Russia-Ukraine War: Foreign Investors Withdraw Rs 35,000 Cr In 28 Days; Is This Panic?
With the ongoing Russia-Ukraine crisis, February 2022 has witnessed the worst foreign outflows in 2 years. About Rs 35,506 crore foreign portfolio investors or FPIs have extracted their funds from the Indian equity market in the month.
Besides, Feb 2022 is the fifth consecutive month for FPIs extracting their holdings, given the poor macro economical conditions witnessed across the globe.
The domestic economy was already wounded after the US Federal Reserves announced to take an aggressive stance on monetary tightening of funds, by increasing interest rates to curb the rising inflation.
This, in conjunction with the ongoing invasion of Ukraine by Russia will only deteriorate the economic conditions domestically and globally, along with the FPIs continuing to pull out their funds from the domestic market.
FPIs Pull Out Over Rs 35,000 Crore in Feb 2022
Foreign portfolio investors have sucked out Rs 35,506 crore from the domestic market in Feb 2022, continuing their streak for the 5th straight month, starting Oct 2021.
February’s sum is also the highest amount since FPIs pulled out funds worth Rs 1,18,203 crore in March 2020.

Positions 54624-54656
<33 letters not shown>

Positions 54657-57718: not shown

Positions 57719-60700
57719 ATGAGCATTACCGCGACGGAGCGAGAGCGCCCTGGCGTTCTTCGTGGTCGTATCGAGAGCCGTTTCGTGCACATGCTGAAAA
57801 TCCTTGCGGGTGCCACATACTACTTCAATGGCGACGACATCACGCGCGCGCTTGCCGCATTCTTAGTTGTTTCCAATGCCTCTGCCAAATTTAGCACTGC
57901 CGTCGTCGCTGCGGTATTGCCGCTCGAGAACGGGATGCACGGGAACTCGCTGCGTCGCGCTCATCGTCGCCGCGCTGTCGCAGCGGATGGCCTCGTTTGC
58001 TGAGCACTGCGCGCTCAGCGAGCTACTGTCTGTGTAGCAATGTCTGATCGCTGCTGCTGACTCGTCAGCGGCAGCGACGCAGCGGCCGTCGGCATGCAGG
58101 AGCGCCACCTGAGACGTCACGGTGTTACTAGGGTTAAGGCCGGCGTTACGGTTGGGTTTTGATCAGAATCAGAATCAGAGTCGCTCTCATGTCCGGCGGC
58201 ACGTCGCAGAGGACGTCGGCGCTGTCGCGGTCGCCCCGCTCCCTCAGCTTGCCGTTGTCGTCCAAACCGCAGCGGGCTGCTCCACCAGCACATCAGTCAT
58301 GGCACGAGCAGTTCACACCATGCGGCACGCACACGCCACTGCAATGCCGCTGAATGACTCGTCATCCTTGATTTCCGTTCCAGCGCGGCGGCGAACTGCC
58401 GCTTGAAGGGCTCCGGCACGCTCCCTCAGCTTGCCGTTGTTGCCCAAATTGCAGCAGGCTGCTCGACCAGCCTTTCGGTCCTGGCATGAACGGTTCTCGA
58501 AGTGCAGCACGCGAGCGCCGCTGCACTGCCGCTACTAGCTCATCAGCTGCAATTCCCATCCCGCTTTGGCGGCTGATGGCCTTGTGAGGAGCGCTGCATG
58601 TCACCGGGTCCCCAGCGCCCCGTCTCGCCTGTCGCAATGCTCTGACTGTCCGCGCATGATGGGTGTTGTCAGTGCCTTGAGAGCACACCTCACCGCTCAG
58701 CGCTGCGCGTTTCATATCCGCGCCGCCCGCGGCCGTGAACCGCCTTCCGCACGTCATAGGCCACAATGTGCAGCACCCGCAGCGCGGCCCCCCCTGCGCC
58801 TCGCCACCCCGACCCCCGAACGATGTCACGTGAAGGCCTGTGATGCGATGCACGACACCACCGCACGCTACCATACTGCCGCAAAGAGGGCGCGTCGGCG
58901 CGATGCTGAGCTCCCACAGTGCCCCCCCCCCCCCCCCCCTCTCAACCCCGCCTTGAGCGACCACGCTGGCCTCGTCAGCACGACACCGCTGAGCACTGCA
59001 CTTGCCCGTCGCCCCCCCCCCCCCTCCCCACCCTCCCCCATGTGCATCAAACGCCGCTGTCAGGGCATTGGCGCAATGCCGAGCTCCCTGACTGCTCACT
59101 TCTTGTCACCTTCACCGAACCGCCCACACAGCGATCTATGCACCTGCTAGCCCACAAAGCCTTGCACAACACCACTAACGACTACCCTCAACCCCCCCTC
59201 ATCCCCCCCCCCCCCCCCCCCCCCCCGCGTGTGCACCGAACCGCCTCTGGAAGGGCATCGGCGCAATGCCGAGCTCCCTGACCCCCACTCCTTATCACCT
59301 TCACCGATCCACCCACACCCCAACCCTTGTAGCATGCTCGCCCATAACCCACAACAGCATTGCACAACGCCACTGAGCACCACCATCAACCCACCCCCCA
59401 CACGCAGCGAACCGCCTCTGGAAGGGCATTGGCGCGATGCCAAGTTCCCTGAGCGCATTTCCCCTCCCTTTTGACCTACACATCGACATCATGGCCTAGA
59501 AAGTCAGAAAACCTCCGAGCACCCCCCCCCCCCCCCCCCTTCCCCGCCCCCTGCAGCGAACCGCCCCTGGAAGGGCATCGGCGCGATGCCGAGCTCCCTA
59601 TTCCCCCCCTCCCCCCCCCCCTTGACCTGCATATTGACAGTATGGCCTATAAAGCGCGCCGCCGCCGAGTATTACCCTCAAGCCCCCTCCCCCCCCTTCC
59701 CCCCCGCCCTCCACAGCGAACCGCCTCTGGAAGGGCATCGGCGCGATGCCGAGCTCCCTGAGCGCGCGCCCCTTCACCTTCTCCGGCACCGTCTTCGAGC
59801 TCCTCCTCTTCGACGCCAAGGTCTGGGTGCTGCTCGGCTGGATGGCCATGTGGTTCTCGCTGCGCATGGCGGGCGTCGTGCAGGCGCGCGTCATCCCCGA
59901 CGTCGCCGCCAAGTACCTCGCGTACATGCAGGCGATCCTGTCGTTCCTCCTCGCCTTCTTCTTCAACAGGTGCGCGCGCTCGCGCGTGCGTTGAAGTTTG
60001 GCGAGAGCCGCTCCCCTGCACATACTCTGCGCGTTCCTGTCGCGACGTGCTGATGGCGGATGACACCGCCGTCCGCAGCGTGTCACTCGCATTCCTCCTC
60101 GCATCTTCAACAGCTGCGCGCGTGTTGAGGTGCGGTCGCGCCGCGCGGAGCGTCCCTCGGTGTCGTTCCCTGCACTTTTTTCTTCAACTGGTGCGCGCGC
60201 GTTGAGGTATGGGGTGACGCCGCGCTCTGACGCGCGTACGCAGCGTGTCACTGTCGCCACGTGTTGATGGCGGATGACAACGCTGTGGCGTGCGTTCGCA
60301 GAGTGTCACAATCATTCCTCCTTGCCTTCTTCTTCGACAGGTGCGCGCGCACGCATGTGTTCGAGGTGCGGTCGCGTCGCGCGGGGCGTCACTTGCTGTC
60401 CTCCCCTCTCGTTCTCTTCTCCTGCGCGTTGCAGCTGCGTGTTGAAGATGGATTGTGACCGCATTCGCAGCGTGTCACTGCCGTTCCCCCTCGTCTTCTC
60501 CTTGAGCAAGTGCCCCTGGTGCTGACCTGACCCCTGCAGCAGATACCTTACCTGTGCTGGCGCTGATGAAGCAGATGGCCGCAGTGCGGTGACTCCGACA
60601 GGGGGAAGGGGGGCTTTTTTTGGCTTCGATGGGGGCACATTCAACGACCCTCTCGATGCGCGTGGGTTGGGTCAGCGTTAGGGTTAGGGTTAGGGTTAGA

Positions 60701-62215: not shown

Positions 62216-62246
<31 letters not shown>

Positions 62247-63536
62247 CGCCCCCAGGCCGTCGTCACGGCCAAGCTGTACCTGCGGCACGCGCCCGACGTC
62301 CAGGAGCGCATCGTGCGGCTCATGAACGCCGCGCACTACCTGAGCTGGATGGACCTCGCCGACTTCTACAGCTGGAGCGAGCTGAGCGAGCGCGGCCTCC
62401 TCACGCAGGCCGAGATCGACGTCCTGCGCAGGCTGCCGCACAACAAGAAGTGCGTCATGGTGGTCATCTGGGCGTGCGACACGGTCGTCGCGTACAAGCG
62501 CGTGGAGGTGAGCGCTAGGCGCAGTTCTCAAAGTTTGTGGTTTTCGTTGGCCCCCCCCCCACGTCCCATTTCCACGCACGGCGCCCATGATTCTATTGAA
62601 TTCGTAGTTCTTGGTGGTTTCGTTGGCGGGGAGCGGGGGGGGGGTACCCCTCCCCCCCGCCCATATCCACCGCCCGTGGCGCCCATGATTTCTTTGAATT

The associate director of Morningstar India, Himanshu Srivastava stated that outflows have been increasing since the US Fed’s decision to unwind stimulus measures and increase interest rates faster than expected.
“In addition to that, brewing tension between Russia and Ukraine, and with fears of war between the two countries looming large, foreign investors adopted a cautious approach and started to stay away from investing in emerging markets like India”, Srivastava added.
Future Worries Regarding the Domestic Market
Inflows from foreign investors closely track four parameters, states Shrikant Chouhan from Kotak Securities.
- Currency valuation, i.e., how strong or weak the Indian Rupee is in comparison to the US greenback.
- Higher crude oil prices are another reason for FPIs to invest in emerging markets like India, as over 90% of oil used in the country is imported, indicating a gravy dependence on oil.
- If the US 10-year bond yield rate starts to rise, FPIs prefer to invest in safer bond markets than holding their money in riskier assets like equity, that too in emerging markets.
- Geopolitical tension, like the one going on right now between Russia and Ukraine.